SNU relaxes admission restrictionsSeoul National University, one of the nation’s top institutes, said yesterday that it will accept high school students from liberal arts programs into its engineering and medical departments from 2015 in order to foster more well-rounded talent.
Korea’s high school system is split into two tracks - liberal arts and general science - and courses in each division are based around that category. Students must choose a sequence by the 10th grade.
Until now, liberal arts students - who don’t take a science segment on the college entrance exam - have been largely banned from applying for science- and engineering-related majors.
In a departure from the current system, SNU will allow humanities students to apply for programs in the architecture and industrial engineering departments in 2014 as part of a trial run, with a plan to expand that policy to the college of medicine, veterinary and dentistry and other natural science and engineering divisions in 2015.
In 2015, 78.8 percent of applicants will be recruited based on these new cross-division rules.
Yesterday’s decision is in line with the Education Ministry’s long-term plan to remove long-established distinctions in high schools so that students can benefit from a wider range of academic disciplines.
SNU’s new admissions rules are considered a benchmark for other universities, and college-bound students, their parents, and private academies are closely watching to see how the new policy will affect school admissions.
But some education experts worry that the relaxed restriction could mean more high school students would avoid taking a math and science-oriented track.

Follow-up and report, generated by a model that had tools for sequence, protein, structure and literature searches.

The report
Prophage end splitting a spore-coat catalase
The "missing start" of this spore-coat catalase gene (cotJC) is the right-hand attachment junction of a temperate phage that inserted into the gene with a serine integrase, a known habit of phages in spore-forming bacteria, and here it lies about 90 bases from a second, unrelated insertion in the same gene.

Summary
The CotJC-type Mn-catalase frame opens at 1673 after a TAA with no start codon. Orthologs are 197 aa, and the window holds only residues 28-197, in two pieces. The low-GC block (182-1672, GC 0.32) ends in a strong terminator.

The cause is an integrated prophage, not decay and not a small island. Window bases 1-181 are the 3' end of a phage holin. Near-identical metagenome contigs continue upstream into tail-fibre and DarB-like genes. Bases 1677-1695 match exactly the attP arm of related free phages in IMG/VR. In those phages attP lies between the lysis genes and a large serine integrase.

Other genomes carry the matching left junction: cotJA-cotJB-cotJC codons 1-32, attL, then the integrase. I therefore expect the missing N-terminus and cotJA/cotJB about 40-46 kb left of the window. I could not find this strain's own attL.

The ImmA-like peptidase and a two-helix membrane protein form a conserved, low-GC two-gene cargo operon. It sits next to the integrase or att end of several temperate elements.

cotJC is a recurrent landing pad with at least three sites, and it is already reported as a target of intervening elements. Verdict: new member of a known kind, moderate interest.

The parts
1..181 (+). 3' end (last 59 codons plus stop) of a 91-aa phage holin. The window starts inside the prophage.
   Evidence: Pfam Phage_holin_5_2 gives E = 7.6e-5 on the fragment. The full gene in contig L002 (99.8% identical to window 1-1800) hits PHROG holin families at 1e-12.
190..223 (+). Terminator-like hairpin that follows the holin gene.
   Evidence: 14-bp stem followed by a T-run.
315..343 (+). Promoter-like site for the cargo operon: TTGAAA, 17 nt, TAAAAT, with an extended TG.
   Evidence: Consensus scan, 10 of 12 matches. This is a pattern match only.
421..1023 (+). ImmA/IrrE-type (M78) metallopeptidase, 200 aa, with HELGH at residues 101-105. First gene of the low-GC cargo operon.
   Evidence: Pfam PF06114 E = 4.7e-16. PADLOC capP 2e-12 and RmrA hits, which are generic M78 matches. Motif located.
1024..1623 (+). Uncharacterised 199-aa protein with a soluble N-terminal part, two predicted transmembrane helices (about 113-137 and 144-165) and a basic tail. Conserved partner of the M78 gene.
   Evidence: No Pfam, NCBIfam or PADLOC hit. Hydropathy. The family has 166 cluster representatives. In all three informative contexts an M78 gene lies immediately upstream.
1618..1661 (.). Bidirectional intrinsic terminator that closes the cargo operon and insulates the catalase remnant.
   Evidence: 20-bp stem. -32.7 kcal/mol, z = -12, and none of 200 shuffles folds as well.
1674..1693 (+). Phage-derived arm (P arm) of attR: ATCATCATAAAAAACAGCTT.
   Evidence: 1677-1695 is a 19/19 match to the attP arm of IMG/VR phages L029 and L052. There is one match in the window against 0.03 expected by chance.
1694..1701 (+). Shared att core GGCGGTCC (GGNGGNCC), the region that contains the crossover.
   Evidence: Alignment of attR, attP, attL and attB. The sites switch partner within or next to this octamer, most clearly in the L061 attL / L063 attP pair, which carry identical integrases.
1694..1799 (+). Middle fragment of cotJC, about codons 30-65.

According to the university, starting in 2015, scores on the College Scholastic Ability Test (CSAT) will carry more weight in the student selection process.
SNU currently factors in essay tests and interviews as well as CSAT scores after narrowing down students during the admission process.
“The plan is focused on simplifying a complicated admissions process,” said the university in a statement. “The Ministry of Education now tries to keep the college entrance system as simple as possible, and this decision goes hand in hand with the ministry’s move.”
The education authority announced earlier this year that colleges will face stricter scrutiny and regulations if they widen admissions standards.
The revised policy will also include reducing the number of students accepted through the early admission program. Those students accepted through early admission will drop to 75.4 percent in 2015, from 79.9 percent now.
BY PARK EUN-JEE [firstname.lastname@example.org]
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